I’m an info guy. I like data, and I came to the conference to present on our monitoring work through the ESI Project, collecting data for PEPFAR to make informed programmatic decisions. There was a lot of interest overall, and we got a lot of interesting questions: about sustainability, about how the data we collect is actually used to inform planning, in practice. More and more, responsibilities are turning towards countries. The reporting template we’ve created in South Africa is intended to ultimately belong to the Department of Health.
One of the many interesting insights to me was that shared by I think the head of the NAC in Nigeria in the satellite session on Country Ownership on Monday evening. When the question was raised about sustainability and how these programs would continue to be funded, he answered, “the countries themselves who will now have an opportunity to own the response to HIV.”
Ambassador Goosby’s commitment that PEPFAR “will do no harm” by changing its flow of resources was reassuring. He went on to say that PEPFAR was not attempting to cut and run but was rather looking to sustainability. Yet the United States and other key funders of HIV programs are experiencing difficult economic times and may be forced to curb the current level of funding to all international development. The countries where these programs are being implemented, however, are experiencing economic growth, averaging 6% in most cases, and in time should be able to support these programs themselves, with minimal outside assistance and the requisite political will to allocate resources appropriately.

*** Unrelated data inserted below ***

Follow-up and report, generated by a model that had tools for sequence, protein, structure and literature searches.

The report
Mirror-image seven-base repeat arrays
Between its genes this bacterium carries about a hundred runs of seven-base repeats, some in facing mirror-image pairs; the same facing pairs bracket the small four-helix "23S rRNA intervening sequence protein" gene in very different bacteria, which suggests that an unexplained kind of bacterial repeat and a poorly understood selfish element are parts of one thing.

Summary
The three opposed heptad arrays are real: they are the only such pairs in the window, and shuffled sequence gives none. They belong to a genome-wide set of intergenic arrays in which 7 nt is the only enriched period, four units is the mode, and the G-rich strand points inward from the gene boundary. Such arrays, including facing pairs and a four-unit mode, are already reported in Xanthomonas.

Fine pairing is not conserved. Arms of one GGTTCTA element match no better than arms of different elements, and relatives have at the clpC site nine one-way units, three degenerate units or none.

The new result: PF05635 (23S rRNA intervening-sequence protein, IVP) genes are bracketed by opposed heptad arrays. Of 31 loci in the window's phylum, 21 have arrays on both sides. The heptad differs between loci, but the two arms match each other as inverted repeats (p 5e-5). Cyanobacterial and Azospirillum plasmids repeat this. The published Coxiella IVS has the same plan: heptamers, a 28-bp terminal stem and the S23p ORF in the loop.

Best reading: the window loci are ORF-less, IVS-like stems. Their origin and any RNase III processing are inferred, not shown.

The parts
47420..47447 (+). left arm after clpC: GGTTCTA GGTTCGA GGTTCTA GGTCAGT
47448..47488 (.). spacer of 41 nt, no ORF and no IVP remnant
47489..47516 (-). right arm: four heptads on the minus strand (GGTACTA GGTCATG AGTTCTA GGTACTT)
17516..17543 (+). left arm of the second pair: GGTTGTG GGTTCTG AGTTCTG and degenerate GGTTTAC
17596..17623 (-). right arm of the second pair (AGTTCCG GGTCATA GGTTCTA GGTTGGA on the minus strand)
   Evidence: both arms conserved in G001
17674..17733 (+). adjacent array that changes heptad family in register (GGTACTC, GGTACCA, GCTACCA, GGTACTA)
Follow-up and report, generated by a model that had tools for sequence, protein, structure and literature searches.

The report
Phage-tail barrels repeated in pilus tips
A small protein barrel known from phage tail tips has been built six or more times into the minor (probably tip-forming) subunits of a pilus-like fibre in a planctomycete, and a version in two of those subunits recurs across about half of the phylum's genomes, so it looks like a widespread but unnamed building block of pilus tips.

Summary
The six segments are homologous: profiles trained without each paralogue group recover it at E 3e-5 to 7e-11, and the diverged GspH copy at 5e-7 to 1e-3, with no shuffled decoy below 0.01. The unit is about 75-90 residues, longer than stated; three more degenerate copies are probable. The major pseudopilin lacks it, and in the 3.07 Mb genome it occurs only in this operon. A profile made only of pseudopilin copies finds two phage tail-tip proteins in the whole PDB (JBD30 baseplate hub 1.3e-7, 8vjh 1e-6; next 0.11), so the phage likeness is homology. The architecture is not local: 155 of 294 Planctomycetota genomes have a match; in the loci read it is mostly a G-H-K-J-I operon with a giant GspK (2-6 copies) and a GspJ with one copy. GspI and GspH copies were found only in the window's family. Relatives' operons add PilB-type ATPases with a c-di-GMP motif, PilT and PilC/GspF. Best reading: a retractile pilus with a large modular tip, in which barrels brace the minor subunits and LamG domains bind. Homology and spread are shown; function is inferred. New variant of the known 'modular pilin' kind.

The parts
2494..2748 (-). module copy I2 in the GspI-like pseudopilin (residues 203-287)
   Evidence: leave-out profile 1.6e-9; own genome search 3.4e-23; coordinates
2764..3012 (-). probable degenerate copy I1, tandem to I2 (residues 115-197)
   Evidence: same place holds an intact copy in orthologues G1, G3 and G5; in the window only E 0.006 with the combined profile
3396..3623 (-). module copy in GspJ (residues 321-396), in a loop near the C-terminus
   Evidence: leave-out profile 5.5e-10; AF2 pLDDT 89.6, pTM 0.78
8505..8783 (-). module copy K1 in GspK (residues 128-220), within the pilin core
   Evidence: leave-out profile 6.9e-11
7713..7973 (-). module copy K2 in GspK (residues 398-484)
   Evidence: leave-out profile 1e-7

The Executive Director of the Global Fund acknowledged that up until now investments being made by the Global Fund were being sent directly to the Ministry of Health, without the Ministry of Finance being involved. By engaging with the Ministry of Finance, the intention is to make sure that these funds are recognized as part of the national budget and prepare for a future when those dollars come from the country government instead of PEPFAR and other funders of development programs.
There has been a lot of talk about sustainability at AIDS 2012, especially with new information around “treatment as prevention” and the struggle to provide a growing number of ARVs to people living with HIV for the duration of their lives. It is interesting to see how the HIV landscape is changing, and how countries will be able to change their role as well, and have greater ownership over the programs the delegates and advocates of this conference have already begun.